- Research shows that most New Year’s resolutions fail within the first month, with about two-thirds of the people that make resolutions giving up by February 1st.
- There are many contributing factors that make resolutions hard to stick to, including setting unrealistic goals, not having accountability, not tracking your progress, and not having a plan of action.
- Choosing a resolution you’ll stick to requires that you be specific and realistic, while also pushing yourself enough to feel a sense of accomplishment.
- Having an accountability partner, coach, or community can make a big difference in your ability to make changes, along with a way to track your changes and stay motivated with each small step you take.
esearch shows that most New Year's resolutions fail by February 1st. While we all have the best intentions to make some positive changes in our lives, when it comes time for the rubber to hit the road – we get a flat tire.
Creating sustainable change can be hard, and many people bite off more than they can chew when it comes to goal setting. So how can we set intentions that set us up for success in both the short and long term? First, we have to understand why our best intentions fail in the first place.
In this article, we'll look at the top six reasons your New Year's resolutions fail and how you can set yourself up for success in the coming year.
6 Reasons New Year's Resolutions Fail
#1 You Don't Have a Plan Of Action
It's hard to get started on anything when you don't know where you're going. Making a resolution is one thing; coming up with a plan to follow through on that resolution is an entirely different one.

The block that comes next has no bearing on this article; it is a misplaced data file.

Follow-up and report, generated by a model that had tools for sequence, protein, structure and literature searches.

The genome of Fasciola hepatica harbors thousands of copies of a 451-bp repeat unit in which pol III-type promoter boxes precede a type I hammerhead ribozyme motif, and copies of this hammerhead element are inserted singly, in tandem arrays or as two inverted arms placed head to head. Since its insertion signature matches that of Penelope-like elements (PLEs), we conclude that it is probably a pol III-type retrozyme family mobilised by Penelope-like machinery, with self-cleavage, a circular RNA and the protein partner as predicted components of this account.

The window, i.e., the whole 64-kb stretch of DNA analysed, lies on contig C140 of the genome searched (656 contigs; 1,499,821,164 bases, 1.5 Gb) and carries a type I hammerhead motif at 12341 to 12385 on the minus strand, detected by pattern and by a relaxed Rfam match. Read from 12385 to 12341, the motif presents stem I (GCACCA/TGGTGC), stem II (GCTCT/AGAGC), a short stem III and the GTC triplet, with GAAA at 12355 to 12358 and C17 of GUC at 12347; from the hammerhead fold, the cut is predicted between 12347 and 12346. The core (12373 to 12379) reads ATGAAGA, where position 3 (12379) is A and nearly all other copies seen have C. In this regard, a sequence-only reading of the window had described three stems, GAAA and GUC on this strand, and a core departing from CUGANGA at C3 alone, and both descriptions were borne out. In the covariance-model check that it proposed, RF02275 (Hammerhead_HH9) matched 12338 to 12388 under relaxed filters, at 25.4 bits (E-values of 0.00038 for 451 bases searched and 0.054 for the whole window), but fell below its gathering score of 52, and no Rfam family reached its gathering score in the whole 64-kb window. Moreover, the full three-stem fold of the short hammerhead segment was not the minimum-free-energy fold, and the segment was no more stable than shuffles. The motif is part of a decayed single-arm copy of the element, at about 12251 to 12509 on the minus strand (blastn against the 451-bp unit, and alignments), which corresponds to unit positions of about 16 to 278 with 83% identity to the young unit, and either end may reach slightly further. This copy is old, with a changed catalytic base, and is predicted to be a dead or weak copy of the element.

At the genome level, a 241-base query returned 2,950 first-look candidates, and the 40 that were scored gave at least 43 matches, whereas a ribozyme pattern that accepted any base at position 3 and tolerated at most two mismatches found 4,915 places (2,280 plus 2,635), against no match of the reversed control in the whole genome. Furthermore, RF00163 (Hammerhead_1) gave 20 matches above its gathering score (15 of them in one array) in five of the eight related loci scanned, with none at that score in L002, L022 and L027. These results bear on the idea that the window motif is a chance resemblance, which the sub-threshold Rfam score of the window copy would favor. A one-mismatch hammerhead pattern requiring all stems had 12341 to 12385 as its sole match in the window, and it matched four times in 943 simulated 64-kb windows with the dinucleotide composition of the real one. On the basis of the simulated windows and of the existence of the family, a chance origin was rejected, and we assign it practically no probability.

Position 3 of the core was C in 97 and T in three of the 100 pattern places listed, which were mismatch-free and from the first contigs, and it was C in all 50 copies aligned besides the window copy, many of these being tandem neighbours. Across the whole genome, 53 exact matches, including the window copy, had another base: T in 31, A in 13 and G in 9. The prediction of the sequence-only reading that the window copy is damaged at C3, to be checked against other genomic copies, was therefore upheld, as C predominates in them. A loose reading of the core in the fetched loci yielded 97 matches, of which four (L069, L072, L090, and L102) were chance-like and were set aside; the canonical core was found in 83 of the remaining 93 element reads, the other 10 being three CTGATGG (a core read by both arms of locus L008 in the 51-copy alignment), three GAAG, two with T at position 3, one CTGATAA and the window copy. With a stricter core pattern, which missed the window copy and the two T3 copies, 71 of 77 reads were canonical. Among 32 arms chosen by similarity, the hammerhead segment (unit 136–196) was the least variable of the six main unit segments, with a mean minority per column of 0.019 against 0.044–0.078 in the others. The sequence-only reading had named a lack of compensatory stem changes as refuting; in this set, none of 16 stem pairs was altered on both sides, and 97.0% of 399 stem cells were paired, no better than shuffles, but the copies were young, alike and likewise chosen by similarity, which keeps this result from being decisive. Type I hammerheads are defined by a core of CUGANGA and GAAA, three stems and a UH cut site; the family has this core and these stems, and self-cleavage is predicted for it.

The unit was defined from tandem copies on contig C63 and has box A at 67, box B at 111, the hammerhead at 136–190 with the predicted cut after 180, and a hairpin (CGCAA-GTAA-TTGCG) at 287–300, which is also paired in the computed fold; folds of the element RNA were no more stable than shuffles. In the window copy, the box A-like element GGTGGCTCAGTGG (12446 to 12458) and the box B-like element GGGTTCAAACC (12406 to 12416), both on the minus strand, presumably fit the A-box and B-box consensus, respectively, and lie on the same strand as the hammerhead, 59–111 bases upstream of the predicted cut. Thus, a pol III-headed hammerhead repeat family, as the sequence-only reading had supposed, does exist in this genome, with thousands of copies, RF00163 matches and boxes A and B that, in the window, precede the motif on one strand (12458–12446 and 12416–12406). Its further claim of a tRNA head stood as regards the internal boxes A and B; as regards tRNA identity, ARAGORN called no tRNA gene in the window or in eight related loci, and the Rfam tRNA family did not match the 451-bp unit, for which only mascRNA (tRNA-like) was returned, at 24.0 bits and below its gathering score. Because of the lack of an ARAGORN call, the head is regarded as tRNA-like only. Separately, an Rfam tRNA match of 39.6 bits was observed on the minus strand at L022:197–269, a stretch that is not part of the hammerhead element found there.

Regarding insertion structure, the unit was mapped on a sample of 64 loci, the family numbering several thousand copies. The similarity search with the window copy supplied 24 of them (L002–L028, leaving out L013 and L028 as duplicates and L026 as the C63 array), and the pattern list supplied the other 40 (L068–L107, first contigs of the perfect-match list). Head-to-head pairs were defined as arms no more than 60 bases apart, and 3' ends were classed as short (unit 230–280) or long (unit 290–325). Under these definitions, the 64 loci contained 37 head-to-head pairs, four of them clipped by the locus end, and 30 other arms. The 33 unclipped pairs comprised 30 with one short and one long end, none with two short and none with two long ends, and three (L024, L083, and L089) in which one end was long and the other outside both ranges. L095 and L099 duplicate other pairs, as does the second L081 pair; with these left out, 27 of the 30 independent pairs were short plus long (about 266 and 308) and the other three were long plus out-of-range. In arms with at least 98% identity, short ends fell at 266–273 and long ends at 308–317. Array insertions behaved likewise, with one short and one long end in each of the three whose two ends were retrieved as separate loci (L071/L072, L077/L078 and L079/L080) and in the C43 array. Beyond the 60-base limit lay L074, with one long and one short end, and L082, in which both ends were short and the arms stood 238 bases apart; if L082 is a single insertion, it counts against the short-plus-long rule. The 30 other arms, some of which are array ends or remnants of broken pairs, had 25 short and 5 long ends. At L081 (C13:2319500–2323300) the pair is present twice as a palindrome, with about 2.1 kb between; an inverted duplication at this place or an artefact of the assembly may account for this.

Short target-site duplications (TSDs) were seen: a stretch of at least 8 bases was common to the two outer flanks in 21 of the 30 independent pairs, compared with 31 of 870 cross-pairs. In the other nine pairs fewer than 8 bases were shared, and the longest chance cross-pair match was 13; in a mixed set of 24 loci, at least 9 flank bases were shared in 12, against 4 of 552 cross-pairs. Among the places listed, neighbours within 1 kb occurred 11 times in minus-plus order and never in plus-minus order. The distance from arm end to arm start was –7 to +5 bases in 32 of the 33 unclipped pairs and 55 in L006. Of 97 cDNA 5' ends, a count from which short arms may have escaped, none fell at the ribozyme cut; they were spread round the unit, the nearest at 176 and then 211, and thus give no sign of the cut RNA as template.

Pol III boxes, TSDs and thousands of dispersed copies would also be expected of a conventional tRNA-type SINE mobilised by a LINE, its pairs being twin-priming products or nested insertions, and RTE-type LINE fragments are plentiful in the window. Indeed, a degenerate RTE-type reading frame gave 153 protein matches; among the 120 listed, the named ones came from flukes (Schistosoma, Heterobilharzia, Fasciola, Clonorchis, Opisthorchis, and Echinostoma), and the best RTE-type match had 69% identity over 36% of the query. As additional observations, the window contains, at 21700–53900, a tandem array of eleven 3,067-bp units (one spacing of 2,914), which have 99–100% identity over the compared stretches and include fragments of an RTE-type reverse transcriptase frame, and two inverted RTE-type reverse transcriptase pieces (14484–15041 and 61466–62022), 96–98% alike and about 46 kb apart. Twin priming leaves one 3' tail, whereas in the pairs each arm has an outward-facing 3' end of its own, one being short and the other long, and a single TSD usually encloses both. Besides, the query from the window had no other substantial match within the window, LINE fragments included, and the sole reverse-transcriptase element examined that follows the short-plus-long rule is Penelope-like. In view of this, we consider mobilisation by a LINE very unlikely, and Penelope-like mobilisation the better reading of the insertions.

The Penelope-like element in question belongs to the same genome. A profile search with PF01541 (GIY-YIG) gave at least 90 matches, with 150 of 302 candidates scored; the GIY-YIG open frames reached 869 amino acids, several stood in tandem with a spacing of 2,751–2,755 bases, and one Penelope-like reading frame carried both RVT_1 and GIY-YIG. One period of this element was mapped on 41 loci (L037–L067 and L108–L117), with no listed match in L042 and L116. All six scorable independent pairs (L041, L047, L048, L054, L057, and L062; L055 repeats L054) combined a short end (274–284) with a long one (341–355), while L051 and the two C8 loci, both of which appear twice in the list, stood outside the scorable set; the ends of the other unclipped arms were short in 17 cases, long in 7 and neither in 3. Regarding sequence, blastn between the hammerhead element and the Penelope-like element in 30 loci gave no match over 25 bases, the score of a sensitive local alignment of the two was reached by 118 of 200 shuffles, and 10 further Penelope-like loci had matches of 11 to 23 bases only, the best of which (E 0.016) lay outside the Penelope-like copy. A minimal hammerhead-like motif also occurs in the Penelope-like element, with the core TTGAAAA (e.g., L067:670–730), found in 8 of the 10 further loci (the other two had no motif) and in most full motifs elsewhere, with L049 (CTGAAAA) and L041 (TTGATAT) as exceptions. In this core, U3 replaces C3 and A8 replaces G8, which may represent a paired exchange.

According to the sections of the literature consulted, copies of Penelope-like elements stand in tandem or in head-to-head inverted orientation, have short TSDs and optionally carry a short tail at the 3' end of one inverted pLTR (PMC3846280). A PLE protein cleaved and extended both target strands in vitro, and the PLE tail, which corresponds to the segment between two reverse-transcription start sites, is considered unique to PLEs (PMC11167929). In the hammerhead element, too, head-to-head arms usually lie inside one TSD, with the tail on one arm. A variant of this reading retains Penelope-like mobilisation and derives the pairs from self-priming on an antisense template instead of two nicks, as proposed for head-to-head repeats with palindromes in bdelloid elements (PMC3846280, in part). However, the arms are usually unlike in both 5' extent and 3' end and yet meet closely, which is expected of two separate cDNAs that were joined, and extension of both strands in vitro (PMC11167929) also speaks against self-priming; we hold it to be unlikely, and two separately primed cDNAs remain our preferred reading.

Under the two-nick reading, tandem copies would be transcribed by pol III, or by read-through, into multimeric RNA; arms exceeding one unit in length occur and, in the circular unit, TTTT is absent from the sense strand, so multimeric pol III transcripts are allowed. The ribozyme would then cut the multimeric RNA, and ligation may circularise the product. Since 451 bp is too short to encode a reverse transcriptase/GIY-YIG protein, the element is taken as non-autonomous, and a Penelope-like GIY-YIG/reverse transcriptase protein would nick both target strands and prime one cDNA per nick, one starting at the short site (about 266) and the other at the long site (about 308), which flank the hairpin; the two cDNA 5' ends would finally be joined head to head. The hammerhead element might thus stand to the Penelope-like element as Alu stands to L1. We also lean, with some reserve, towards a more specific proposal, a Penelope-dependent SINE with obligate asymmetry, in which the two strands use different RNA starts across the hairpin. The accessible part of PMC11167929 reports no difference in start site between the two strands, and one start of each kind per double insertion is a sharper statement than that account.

When it comes time to start working towards your goal, this moment will never feel like the right one. In other words, it's never going to feel like it's time to get going; tomorrow will always feel like the better option. That's why coming up with a plan of action is crucial for getting the ball rolling.
You may not know exactly how you're going to achieve your goal in every facet, but giving yourself some guidelines will get you out of the gates.
Creating a plan of action also helps you look ahead and anticipate what you will need to stay on track.
For example, if your resolution is to eat fewer processed foods and you know that you'll be tempted when you go to a certain friend's house, a plan of action could include having healthy snacks on hand when you're out and about.
Or if you want to start working out after work, it might be a good idea to bring a gym bag to the office, so you don't have to stop at home before hitting the health club.
#2 You Aren't Seeing Results, So You Quit